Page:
Are our pulpits full of preachers who want to quit but haven't yet?

"Even if we haven’t seen a dramatic increase in pastoral attrition, many people believe it’s still coming.... If the bubble does burst later this year or next, all eyes are on three demographics: pastors early in their careers, those nearing retirement, and bivocational ministers." - C.Today

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Ed Vasicek's picture

As a pastor who is in the process of retiring and trying to help his church find a replacement, I found this article an example of sincere but fake news.

A dozen years ago, if a church posted at various schools and sites, churches would receive scores -- sometimes 200 resumes within a couple fo months.  Now it is one or two. Or none.

Something is wrong somewhere.  Trinity seminary is down 44% from twenty years ago.  How many other Bible colleges have closed and merged, and seminaries cut back?  It might be the entrance level that is most responsible.  I know of at least one pastor who quit during the Pandemic.  Whatever is causing the shortage, there is one.

Polls in the article demonstrate how out of touch these pollsters and these analysts are;

Young, beginning pastors are often told that the first five years of ministry will weed out those who aren’t in it for the right reasons. Some put the five-year attrition rate at as high as 85 percent. But most reliable studies estimate that number actually ranges from 1 percent to 16 percent. (Compare that to the 44 percent of new public and private school teachers who leave education before their fifth year ends.)

Is it 85% of new pastors who don't survive five years, or is it 1 percent?  How could anybody that knows anything about ministry think that only 1% of new pastors quit before or at five years?  The diverge in these statistics alone demonstrates how actually clueless the experts are.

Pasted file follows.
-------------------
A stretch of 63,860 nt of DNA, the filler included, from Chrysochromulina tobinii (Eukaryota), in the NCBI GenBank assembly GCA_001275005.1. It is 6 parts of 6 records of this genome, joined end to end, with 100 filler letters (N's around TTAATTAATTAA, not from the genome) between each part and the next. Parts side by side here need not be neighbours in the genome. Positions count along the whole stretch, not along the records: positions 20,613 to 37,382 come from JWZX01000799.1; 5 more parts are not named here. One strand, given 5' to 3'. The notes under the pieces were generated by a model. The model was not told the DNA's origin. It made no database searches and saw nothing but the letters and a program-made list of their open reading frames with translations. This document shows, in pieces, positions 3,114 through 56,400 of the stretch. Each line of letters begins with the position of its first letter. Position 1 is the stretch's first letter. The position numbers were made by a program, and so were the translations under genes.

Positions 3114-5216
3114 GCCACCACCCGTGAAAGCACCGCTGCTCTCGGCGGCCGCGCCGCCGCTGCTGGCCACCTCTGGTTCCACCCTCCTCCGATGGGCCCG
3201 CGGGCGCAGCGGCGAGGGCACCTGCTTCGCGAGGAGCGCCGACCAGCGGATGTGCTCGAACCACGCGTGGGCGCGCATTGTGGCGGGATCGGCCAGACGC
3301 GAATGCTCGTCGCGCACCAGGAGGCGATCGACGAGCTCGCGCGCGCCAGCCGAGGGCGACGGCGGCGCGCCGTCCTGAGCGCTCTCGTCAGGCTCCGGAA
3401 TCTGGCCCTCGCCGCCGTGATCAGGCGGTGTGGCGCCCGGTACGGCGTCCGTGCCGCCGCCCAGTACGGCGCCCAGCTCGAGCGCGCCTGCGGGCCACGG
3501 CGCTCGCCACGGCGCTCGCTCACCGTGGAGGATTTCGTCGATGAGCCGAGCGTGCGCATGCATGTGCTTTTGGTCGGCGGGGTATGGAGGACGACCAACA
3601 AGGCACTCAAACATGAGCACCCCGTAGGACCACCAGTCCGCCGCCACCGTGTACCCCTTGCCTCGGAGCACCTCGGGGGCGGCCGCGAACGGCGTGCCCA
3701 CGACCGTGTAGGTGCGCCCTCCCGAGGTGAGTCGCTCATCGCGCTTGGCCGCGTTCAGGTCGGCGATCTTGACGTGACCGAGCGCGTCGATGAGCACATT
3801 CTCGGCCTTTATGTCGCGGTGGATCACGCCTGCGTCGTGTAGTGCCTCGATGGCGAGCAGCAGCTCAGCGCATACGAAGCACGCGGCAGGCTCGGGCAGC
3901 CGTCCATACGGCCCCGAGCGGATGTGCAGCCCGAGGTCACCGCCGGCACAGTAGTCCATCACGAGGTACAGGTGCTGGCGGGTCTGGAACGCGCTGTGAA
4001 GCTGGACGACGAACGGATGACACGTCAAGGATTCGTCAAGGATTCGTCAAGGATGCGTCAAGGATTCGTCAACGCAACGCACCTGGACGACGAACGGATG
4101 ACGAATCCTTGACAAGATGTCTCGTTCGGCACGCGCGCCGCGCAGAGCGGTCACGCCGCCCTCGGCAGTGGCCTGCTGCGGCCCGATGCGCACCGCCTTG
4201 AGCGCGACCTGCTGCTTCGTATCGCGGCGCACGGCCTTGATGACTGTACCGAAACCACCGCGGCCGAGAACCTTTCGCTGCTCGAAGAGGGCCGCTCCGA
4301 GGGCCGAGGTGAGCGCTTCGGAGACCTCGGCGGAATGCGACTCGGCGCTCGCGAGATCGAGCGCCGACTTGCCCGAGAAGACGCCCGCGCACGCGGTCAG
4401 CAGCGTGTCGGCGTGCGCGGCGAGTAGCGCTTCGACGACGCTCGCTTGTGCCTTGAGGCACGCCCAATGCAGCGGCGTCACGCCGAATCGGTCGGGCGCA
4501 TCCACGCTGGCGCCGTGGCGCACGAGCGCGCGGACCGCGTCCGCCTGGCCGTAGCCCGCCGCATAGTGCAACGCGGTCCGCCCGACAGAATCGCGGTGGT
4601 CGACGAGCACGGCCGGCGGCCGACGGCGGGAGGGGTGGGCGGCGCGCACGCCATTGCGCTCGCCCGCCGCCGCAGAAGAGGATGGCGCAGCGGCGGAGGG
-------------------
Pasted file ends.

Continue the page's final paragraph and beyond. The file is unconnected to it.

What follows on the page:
This entire article does not seem to match the reality of placement services and those who have experience finding pastors for churches.  They all say things are worse.

If there is anyone on SI who is actually involved in helping churches find pastors in current times who could say that there is no shortage, please speak up!

 

"The Midrash Detective"

Ed Vasicek's picture

Just heard from a friend who is involved with this for an evangelical denomination.  He says young candidates are very rare these days.

This adds weight to the idea that part of the problem, at least, is from a lack of new men entering the ministry.

"The Midrash Detective"

G. N. Barkman's picture

Our church was recently looking for a full time minister of youth, as our previous one decided to cut back to part time (at age 70).  He continues to do visitation in hospitals and rest homes, as well as our Silver Saints meetings.  We thought we were going to call a young man who was already a member of our church, but we continued to seek God's wisdom.  Out of the blue, we received a call from a young man in South Carolina, who proved to be a perfect fit.  Long story short, he became our Minister of Youth the first of January, and has great potential.  We never posted the position, nor advertised it in any way, but God knew the need, and He supplied in answer to prayer.  It doesn't always happen that way, but when it does, it's easy to believe that God made His will known.

G. N. Barkman

Steve Newman's picture

I was between churches for a short time about 3 years ago, and put my resume on one Bible college's web site. I was in discussions with a couple churches right away, one of which I am pastoring now.